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Subject: ARCHIVE: January 3, 1969 ~Hollywood lost one of its memorable players, actor Howard McNear, whose folksy demeanor cast him in dozens of TV roles of the 1950s (and feature films like "Anatomy of a Murder" and "Irma la Douce"), before landing his most memorable character as Mayberry's beloved town barber 'Floyd Lawson' in TV's "The Andy Griffith Show", until his death at only 63, after a series of strokes. ...

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Date Posted: Sunday, January 27, 10:50:23am

American stage, screen, and radio character actor. McNear is best
remembered as Floyd Lawson, the barber in The Andy Griffith Show (1960-1968). ...

Howard McNear
[ Howard Terbell McNear ]
(January 27, 1905 January 3, 1969)

McNear was born in Los Angeles to Luzetta M. Spencer and Franklin E. McNear.
He studied at the Oatman School of Theater and later joined a stock company in San Diego. ...

...McNear also worked in radio from the late 1930s, distinguishing himself in the 19371940 radio serial Speed Gibson of the International Secret Police as ace operator Clint Barlow. McNear could be effective in such authoritative roles, but he gravitated more toward character roles, often comic.

He enlisted as a private in the United States Army Air Corps on November 17, 1942, during World War II. He created the role of Doc Charles Adams in CBS Radio's Gunsmoke (19521961). McNear was under contract to CBS for many years and was featured in many of the network's radio and TV programs. From 1955 to 1960 he appeared frequently, in various roles, in the popular radio detective series Yours Truly, Johnny Dollar. McNear made his film debut in an uncredited role in the 1953 film Escape from Fort Bravo. In a 1958 episode of Leave it to Beaver, McNear made his first TV appearance as a barber named "Andy", who gave Wally his first shave. Over the course of his career, he would appear in over one hundred film and television guest spots. In 1959, McNear portrayed Dr. Dompierre in the film Anatomy of a Murder who testified about collecting evidence of a rape.

In 1961, McNear was cast as the vague, but spastic
and chatty barber Floyd Lawson on The Andy Griffith Show.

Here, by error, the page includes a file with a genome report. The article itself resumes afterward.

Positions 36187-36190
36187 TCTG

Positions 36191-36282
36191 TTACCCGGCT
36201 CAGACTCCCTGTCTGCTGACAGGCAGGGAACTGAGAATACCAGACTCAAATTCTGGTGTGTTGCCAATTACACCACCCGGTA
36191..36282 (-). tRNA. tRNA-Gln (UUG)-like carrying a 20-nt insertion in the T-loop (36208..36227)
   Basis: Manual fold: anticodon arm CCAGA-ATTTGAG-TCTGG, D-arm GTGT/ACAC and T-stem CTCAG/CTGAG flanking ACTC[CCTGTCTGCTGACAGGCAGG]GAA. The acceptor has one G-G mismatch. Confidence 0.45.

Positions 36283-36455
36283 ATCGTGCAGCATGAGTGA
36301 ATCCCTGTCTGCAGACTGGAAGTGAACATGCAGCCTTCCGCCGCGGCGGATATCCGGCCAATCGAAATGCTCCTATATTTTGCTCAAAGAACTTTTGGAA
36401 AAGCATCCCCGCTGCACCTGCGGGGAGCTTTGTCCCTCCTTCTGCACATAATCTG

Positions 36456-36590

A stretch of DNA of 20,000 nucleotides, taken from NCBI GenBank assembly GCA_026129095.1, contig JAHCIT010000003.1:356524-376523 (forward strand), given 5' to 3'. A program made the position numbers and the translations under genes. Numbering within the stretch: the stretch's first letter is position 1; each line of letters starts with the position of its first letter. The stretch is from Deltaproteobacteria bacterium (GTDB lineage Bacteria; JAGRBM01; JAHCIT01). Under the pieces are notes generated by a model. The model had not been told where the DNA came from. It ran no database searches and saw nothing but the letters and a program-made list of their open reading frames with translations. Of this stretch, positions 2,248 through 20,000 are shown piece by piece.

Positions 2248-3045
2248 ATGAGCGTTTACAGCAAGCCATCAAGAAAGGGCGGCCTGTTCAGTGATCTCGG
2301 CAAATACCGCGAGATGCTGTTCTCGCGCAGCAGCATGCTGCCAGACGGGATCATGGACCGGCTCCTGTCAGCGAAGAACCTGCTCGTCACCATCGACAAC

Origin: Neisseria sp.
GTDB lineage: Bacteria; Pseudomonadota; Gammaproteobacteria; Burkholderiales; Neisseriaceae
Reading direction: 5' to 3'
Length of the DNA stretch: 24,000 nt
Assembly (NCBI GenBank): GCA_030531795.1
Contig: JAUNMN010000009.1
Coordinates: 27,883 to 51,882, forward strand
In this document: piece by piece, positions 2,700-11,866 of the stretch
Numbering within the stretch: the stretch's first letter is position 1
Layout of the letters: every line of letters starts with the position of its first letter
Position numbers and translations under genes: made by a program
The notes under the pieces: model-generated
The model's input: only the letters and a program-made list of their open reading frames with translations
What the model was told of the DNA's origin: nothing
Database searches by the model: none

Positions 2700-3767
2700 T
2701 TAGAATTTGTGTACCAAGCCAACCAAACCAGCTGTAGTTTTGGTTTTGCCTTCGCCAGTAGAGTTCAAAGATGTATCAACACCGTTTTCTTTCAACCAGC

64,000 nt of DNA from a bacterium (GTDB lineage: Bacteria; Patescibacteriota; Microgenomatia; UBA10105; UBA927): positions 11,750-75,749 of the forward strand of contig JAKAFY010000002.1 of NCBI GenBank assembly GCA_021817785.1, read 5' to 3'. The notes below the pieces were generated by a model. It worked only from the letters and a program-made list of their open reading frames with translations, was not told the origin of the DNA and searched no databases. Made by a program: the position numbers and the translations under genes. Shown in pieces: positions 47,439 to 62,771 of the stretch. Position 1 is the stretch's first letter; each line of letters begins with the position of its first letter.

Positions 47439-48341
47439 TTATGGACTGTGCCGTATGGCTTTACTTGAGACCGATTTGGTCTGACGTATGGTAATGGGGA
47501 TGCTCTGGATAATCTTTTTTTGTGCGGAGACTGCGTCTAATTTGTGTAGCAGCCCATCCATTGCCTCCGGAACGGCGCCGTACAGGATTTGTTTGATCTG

...But, sadly during the show's third season, McNear suffered a stroke that rendered the left side of his body nearly paralyzed. He left the series for nearly a year and a half to recover. Andy Griffith asked McNear to return to the series, to which McNear agreed despite being unable to walk or stand, and the production crew accommodated him accordingly, as Floyd was usually seen onscreen either seated, or standing with support Many scenes were shot with him sitting on a bench outside the barber shop, as opposed to actively trimming hair as before. In most of his post-stroke scenes, McNear's left hand would be holding a newspaper or resting in his lap, while he moved his right arm and hand as he spoke his lines. In a 1967 episode titled "Goobers Contest," McNear's character is heard, but not seen, walking into the courthouse. The next scene shows Floyd already seated in a chair.

...According to Jack Dodson, who played Howard Sprague on The Andy Griffith Show, McNear began
having difficulty remembering his lines and became anxious and frustrated. He left the series in 1967.

On January 3, 1969, McNear died of complications from pneumonia following a stroke at San Fernando Valley Veterans Hospital
in Sylmar, California. Actor and old friend Parley Baer delivered his eulogy, when McNear was interred in the Columbarium at Los Angeles National Cemetery.


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I remember seeing an "Andy Griffith Show" documentary, a crew member told of visiting McNear at the Actors Home in the end. He said McNear sat talking, with cigarettes burned to his fingers without notice. Sad. (NT)McNear was only in his 50s, when he suffered stroke in AGS 3rd season, but later continued in seated scenes.Sunday, January 27, 11:04:04am

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